Gender:
    Male
    Location:
    Boston, MA / New York, NY
    The percentage has been tossed around by various news sources. Although I don't know how factual that number really is, we do know that the minority party of our current Congress has used the Filibuster more than 130 times as of November of last year. That also included a bill to extend Unemployment benefits to people who lost their jobs in the midst of a recession.

    To balance out things, it also has been reported in various news sources that in our previous Congress, the minority party used the filibuster up to 50% of the time. That's still really high and further illustrates the problem.
     
    #6 B_VinylBoy, Jan 26, 2010
    Last edited: Jan 26, 2010
  7. vince

    Gold Member

    Joined:
    May 13, 2007
    Messages:
    14,785
    Albums:
    1
    Likes Received:
    540
    Gender:
    Male
    Location:
    Asia
    The filibuster goes back further than the 1960's Vinyl. Strom Thurmond famously used it to try to block the 1957 Civil Rights Act. It goes back much much further in history though. But you are right about it's increased use since the 60's though and about the current opposition's use of it. When they have nothing positive to contribute, this is all they can do. Just "no,no,no."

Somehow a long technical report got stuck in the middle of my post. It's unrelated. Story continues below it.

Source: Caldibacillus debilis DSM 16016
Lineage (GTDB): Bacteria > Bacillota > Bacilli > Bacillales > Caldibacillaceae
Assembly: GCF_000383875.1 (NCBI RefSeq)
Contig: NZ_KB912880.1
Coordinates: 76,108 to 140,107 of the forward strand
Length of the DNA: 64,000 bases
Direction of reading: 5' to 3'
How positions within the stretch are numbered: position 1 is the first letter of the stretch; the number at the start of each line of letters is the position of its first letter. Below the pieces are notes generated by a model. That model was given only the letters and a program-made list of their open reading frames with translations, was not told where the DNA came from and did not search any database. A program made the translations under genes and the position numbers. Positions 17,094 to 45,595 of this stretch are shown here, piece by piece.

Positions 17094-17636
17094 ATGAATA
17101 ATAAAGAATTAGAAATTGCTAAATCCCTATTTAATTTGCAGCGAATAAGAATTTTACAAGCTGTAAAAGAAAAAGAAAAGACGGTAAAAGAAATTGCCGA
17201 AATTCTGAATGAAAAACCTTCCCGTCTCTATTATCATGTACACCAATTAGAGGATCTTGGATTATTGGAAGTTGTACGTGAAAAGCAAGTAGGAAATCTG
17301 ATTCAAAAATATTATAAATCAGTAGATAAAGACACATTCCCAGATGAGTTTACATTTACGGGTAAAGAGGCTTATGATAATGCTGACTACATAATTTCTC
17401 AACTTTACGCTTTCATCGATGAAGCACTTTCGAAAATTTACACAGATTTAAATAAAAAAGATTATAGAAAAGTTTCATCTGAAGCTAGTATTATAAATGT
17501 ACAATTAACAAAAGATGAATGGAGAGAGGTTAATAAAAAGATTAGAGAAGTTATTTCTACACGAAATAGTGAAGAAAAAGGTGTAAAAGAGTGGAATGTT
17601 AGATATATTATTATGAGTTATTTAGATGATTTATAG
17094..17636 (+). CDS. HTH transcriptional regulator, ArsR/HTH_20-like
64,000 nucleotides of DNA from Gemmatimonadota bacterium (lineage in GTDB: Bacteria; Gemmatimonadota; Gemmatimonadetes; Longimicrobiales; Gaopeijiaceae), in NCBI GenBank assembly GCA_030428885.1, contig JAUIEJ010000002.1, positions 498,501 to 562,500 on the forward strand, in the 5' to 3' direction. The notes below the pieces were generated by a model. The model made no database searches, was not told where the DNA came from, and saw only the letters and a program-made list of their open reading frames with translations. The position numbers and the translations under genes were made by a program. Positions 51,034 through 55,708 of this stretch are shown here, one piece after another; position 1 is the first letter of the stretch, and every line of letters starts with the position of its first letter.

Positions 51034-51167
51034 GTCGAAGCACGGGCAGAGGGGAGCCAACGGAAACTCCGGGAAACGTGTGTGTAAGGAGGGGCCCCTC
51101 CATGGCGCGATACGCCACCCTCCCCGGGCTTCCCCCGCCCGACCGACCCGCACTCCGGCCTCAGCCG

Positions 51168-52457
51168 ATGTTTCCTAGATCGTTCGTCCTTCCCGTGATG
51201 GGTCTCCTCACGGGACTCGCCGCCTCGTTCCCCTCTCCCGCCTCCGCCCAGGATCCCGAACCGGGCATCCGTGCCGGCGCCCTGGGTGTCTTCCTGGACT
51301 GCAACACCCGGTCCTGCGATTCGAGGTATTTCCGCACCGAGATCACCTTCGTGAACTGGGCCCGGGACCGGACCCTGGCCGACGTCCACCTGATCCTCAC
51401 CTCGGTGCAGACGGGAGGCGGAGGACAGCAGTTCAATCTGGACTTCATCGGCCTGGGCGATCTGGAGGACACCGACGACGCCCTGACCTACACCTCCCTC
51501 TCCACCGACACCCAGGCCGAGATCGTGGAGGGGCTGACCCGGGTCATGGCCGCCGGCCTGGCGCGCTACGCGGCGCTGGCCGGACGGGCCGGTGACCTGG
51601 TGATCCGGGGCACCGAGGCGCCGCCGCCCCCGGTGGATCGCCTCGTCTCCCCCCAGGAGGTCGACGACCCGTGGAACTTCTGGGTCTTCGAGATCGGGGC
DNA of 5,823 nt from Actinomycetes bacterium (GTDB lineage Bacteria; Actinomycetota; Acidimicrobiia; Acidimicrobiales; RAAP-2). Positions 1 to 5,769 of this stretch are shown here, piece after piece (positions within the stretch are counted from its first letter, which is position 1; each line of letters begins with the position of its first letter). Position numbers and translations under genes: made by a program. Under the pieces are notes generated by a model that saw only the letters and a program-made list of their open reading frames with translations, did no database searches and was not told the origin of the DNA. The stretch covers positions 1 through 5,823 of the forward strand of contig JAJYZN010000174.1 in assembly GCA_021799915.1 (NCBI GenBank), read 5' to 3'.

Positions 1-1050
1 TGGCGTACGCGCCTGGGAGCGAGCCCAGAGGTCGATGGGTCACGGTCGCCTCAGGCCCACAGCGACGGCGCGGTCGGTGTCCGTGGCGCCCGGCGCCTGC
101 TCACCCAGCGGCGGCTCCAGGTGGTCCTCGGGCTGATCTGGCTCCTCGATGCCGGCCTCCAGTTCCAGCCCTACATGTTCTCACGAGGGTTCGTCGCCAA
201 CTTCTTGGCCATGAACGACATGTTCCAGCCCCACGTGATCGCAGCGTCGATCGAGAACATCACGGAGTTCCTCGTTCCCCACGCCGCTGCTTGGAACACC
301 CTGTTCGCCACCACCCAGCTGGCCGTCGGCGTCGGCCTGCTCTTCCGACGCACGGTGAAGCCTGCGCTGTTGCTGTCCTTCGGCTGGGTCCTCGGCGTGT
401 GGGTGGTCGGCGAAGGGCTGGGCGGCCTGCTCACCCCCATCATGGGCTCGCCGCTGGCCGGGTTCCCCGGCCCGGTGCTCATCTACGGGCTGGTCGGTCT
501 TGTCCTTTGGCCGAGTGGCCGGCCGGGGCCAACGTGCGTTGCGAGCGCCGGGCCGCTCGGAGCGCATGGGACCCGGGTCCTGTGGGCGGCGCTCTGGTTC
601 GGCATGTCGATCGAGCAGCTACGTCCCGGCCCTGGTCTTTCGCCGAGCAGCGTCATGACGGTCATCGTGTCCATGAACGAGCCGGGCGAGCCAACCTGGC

The reform I'd like to see is going back to the rule that to hold the floor, you actually have to be there and speak. I don't know when it changed, but now they just have to inform the President of the Senate that the filibuster is on, and all debate on the bill is stopped until cloture is invoked.
     
  8. Qua

    Qua
    Gold Member

    Joined:
    Aug 3, 2007
    Messages:
    1,507
    Albums:
    2
    Likes Received:
    153
    Gender:
    Male
    Not 70% but a good chunk of it likely has.

    Regardless of whether it would still be a record, eliminating earmarks would reduce filibusters, you can't deny that. If nothing else, it'd remove the "oh it was an earmark we didn't like" excuse.